In a nutshell, too much of our money is going to dayto-day expenses and not enough into assets that can grow and provide us with income and capital in the future.
With the substantial increase in the cost of living such as groceries, electricity and school fees, it is understandable that we have less to put into savings. But what little we do have, we need to invest correctly.
Take a house and car as an example. There are some households that will spend money on a luxury car, but continue to rent their property – paying the landlord instead of boosting their net wealth.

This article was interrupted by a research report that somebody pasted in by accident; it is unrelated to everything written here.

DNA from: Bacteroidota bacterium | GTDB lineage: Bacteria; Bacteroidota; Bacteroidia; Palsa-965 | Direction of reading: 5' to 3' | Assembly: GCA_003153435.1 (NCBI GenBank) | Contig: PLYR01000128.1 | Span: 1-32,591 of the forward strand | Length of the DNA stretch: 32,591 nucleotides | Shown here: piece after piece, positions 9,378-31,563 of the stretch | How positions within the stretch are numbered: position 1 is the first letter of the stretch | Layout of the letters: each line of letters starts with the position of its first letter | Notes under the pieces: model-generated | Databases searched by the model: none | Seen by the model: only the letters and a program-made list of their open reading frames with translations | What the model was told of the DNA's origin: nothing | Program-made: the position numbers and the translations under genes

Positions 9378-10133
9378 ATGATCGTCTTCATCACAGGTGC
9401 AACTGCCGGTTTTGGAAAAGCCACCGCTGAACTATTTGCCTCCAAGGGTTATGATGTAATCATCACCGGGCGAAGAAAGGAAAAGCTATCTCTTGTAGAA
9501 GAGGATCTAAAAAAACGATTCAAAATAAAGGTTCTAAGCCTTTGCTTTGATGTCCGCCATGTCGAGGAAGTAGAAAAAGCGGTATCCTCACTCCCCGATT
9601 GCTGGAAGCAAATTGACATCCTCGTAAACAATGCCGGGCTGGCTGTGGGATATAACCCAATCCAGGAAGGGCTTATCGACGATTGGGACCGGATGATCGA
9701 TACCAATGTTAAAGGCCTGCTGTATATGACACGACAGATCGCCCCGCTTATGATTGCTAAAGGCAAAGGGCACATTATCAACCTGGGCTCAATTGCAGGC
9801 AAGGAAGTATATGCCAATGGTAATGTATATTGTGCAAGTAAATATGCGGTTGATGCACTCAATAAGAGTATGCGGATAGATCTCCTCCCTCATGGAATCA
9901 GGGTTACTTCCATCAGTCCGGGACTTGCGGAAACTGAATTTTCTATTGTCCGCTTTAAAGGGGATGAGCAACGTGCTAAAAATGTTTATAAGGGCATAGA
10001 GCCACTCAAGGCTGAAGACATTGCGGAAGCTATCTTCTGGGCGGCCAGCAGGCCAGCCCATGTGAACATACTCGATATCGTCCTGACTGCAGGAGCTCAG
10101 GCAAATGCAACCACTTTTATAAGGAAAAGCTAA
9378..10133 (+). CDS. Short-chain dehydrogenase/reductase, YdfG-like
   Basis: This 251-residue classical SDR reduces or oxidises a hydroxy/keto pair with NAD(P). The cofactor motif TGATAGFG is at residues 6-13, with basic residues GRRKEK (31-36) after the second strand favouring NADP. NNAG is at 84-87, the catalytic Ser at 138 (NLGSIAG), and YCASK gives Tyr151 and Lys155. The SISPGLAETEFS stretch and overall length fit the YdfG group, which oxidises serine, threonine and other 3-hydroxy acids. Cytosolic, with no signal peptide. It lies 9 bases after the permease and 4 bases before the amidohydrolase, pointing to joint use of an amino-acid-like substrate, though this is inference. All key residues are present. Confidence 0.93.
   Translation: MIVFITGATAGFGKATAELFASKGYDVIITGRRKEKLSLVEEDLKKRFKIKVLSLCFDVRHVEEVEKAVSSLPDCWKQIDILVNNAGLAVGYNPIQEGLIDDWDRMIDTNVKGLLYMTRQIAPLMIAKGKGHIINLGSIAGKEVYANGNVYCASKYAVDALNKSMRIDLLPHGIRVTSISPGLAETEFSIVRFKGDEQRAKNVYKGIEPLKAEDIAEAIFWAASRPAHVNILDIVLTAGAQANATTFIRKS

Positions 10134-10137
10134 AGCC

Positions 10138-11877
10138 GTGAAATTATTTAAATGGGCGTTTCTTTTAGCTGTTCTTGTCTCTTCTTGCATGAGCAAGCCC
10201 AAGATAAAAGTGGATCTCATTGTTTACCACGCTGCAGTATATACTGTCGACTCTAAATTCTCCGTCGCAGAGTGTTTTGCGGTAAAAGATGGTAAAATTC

It is often only once we have bought that car that we realise that those repayments, insurance and petrol costs impact our ability to borrow money to buy a home.
When we do invest, we tend to avoid high-growth assets such as funds that invest in the stock market, preferring the “safety” of cash. What we don’t realise is that cash is anything but safe – it underperforms inflation and will never help us to create wealth over time.
If you want to improve your household net wealth and see your household balance sheet grow over time, you need to start investing. Whether it is by increasing the contributions to your retirement fund, opening a debit order with an investment fund or putting a deposit down on a home, you need to make your money work harder than you do.